Description

    The name of this server or VPN provider

    Endpoint

    The server hostname or IP address, 198.51.100.6 in this example.

    Endpoint Port

    The server WireGuard port, 51820 in this example.

    Public Key

    The public key for the VPN provider endpoint, given by the VPN provider.

    Allowed IPs

    List of networks to route to the remote side. Since this example will be sending all traffic through the VPN provider, enter 0.0.0.0/0.

    Peer WireGuard Address

    If known, the IP address of the server in the tunnel subnet (e.g. 10.6.210.1).

    Pre-Shared Key

    Not used in this example, but for additional security this pre-shared key can be generated and copied to the peer. Must match on the client and server.

  • Click Update

  • Click Save

Assign Interface

First, fix the default gateway so WireGuard isn’t automatically selected before it’s ready:

  • Navigate to System > Routing

  • Set Default Gateway IPv4 to a specific gateway (e.g. WANGW) or group

  • Set Default Gateway IPv6 in a similar manner if this VPN will also carry IPv6 traffic

  • Click Save

  • Click Apply Changes

Next, assign the interface so the automatic gateway can be used for policy routing (Assign a WireGuard Interface).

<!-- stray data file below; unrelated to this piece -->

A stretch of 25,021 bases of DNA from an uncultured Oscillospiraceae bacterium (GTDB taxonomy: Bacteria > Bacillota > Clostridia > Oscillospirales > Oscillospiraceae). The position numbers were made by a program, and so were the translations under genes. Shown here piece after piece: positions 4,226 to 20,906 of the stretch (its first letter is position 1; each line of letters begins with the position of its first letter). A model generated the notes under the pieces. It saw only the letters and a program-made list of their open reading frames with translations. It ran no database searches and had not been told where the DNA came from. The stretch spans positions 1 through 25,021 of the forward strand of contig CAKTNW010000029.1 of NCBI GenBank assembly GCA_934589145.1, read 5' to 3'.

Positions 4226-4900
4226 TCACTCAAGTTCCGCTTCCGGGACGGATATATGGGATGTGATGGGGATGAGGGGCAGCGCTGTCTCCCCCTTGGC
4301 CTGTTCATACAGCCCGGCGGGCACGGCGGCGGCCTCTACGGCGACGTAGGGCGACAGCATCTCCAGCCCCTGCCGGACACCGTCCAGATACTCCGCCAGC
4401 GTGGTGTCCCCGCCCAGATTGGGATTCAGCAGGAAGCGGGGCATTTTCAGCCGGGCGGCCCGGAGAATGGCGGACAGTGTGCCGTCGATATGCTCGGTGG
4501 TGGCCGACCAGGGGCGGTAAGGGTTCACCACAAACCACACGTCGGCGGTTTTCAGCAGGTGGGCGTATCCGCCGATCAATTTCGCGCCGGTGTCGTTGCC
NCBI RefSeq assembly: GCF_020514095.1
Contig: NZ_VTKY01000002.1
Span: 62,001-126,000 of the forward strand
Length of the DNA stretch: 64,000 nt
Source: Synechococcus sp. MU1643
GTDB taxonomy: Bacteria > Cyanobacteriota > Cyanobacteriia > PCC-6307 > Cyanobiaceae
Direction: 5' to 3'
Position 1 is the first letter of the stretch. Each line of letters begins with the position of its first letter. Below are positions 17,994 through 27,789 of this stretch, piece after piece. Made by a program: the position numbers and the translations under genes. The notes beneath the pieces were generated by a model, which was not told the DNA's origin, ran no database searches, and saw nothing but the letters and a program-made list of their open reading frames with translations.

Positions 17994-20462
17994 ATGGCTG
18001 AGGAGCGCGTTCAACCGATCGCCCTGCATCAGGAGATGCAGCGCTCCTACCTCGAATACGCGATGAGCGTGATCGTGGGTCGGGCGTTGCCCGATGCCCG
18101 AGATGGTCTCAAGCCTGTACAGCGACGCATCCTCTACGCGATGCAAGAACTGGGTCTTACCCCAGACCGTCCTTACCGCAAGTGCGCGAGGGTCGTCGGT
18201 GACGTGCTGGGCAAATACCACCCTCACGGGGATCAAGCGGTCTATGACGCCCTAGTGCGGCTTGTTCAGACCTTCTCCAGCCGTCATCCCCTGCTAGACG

• Navigate to Interfaces > Assignments

  • Select the appropriate wg<number> interface in the Available network ports list

  • Click fa-plus Add to assign the interface as a new OPT interface (e.g. OPT1)

  • Navigate to the Interface configuration page, Interfaces > OPTx

  • Check Enable

  • Enter an appropriate Description which will become the interface name (e.g. WG_VPN)

  • Click Save

  • Click Apply Changes

Gateways and Groups

Assigning the interface creates an automatic gateway named after the interface itself. In this example, since the interface was named WG_VPN, the automatic gateway is WG_VPN_WGV4.

This gateway can be added to a gateway group for failover or load balancing of outbound traffic. This example assumes there are no existing groups. If there are groups already, the new gateway can be added to them like any other.

This example sets up a Gateway Group which prefers WireGuard and fails over to WAN. Traffic directed to this group will use WireGuard when it is up, and WAN when it is down. In practice this specific behavior may or may not be desirable, but can be used as a template for other scenarios.

Note

This will only function properly if gateway monitoring is possible. For that to work, one of two things must be done:

  • The WireGuard Peer WireGuard Address must be filled in with the remote end of the VPN and that address must respond to ICMP echo (ping) requests over WireGuard.

  • Alternately, edit the automatic WireGuard interface gateway and fill in a different Monitor IP address which respond to ICMP echo (ping) requests over WireGuard.

To create a new group:

  • Navigate to System > Routing, Gateway Groups tab

  • Click fa-plus Add

  • Configure the group as follows:

    Group Name

    Prefer_WireGuard

    Gateway Priority
    WG_VPN_WGV4

    Tier 1

    WANGW

    Tier 2

    Description

    Prefer VPN, fail to WAN

  • Click Save

  • Click Apply Changes

Outbound NAT